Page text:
Last week saw Huawei kit out a colossal fish farm in China with tens of thousands of its solar panels to shield fish from the sun while generating electricity—just the latest in a recent spate of new business ventures for the Chinese tech giant.
Huawei’s rapidly diversifying business lines, however, are less a sign of the company’s innovative spirit and more an indication of how the West’s growing security concerns over Huawei technology have undermined the company’s business strategy.
Indeed, Huawei—once the world’s largest smartphone maker—has struggled to cope with U.S. sanctions which cut it off from Google’s Android operating system and sharply curbed its access to critical technology such as microchips. With the Chinese firm’s stockpile of chips dwindling and the Biden administration recently labelling Huawei’s telecom and video equipment an unacceptable national security risk, it’s no surprise that Huawei founder Ren Zhengfei has been putting out feelers in worlds as diverse as electric vehicles, agriculture, mining and, most worryingly, vital components for solar energy systems.
Huawei’s interest in this sector is perfectly logical. Solar power has grown quicker than any other major energy source over the past decade, and Western countries are rushing to increase their renewable capacity—the EU, for example, agreed in December to make their 2030 emissions reductions targets even more ambitious. Huawei has quietly built up a commanding position in the global market for the inverters which convert DC into AC current in a solar energy system—and, to Huawei’s relief, it doesn’t need to rely on American chips to manufacture its inverters, because the required 28-nanometer technology is readily available in China.
American lawmakers’ warnings that Huawei-produced solar inverters could pose a serious risk to electric infrastructure, however, were also perfectly logical. Given Huawei’s troubling links to the security services of the ruling Chinese Communist Party, there is a real fear that its solar inverters could compromise any electric grid they are embedded in. EU member states, which are slowly waking up to the risk Huawei poses in the telecom sector, should not stand by idly as it shifts its business into the solar sphere.
Along with the EU’s push to decarbonise came a wave of investment in renewable energies, allowing Huawei to leverage its market position and capitalise on EU member states’ emphasis on solar capacity expansion. This has created a bizarre double-standard across the bloc: while the Chinese giant has executed a very successful leap into the European market in the solar sector without much resistance, European countries have reacted with alarm to Huawei’s security implications for 5G infrastructure by following Washington’s example and banning Huawei as a supplier of critical 5G components.
However, in light of the increasing digitalisation of energy infrastructure where core components like inverters are frequently connected to the Web, inaction on Brussels’ part is no longer a viable option. As the managing director of the European Network for Cybersecurity (ENCS), Anjos Nijk warned poignantly earlier this month, “Politicians are worried about 5G suppliers, but those same suppliers are builders of the biggest share of PV inverters… Those systems are in people’s homes and a manufacturer has direct access to them, can switch them on and off. With so many devices, it could cause a blackout”.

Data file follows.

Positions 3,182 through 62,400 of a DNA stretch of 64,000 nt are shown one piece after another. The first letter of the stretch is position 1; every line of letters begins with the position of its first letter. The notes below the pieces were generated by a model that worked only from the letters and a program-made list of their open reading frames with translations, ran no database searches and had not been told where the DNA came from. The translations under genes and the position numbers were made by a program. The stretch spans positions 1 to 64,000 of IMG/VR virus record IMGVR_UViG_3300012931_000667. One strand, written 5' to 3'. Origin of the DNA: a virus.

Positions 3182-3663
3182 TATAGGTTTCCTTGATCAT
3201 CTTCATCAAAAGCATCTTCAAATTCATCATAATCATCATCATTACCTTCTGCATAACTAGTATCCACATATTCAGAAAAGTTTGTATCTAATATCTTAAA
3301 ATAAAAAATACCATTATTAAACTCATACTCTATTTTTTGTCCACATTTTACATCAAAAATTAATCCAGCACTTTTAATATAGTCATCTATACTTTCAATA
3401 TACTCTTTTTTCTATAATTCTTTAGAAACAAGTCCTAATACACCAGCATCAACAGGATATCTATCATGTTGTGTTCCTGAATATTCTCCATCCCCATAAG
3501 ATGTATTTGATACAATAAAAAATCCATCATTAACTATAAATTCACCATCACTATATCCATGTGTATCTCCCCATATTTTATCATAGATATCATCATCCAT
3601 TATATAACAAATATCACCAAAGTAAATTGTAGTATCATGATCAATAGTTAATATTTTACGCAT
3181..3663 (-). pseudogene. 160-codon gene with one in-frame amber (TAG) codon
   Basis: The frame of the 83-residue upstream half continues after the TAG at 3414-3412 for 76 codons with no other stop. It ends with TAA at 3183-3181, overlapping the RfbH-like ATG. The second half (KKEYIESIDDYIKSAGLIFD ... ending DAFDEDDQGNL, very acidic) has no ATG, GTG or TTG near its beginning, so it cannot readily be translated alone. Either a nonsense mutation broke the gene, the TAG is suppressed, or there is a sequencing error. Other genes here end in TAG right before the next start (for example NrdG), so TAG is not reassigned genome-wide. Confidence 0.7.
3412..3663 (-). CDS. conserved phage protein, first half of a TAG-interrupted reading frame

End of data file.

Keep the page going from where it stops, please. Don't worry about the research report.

Turning a blind eye to these risks could have significant knock-on consequences for the EU, threatening bilateral relations with the US in the best case and the entire European electrical grid in the worst hand scenario. Indeed, if evidence is needed that such concerns are anything but well-founded, a quick look at India will suffice. Earlier this year, alarming reports surfaced suggesting that Beijing abused its technological presence in India to create a widespread power outage in Mumbai that left 20 million people in the dark—apparently intended to warn Indian policymakers not to push too hard on geopolitical issues. As tensions between the West and China rise, Beijing might well be tempted to use its foothold in Europe’s solar infrastructure to turn off the lights for millions when the geopolitical going gets tough.
The Indian blackout was an example on a stunningly large scale, but disruptions to energy grids are an increasingly significant concern. Indeed, given that in 2019, the energy sector was the world’s most widely targeted area for cyberattacks, it is high time policymakers in Brussels take a page from Washington’s approach to the threat. After a bipartisan coalition of U.S. lawmakers called for Huawei products to be excluded from the country’s solar energy systems, Huawei closed its U.S. inverter business in the face of an “unwelcoming climate”.
Brussels has been slower than Washington in general to take a strong stance on Chinese businesses like Huawei—indeed, contracts awarded to Chinese companies by European governments even doubled in value to almost €2 trillion in 2020. The EU can’t afford to drag its feet on Huawei’s incursion into the solar sector, however, given how closely linked the company is with the Chinese state, how sensitive the industry involved is and how energy infrastructure is increasingly becoming “a key target for adversaries”.
Concerted effort on both sides of the Atlantic has significantly diminished Huawei’s influence—and, by extension, the influence of the Chinese government and intelligence services—in the telecommunications sector. It’s now Brussels’ turn to join Washington in pushing back against the Chinese tech giant’s foothold in the sensitive renewable energy industry, as well.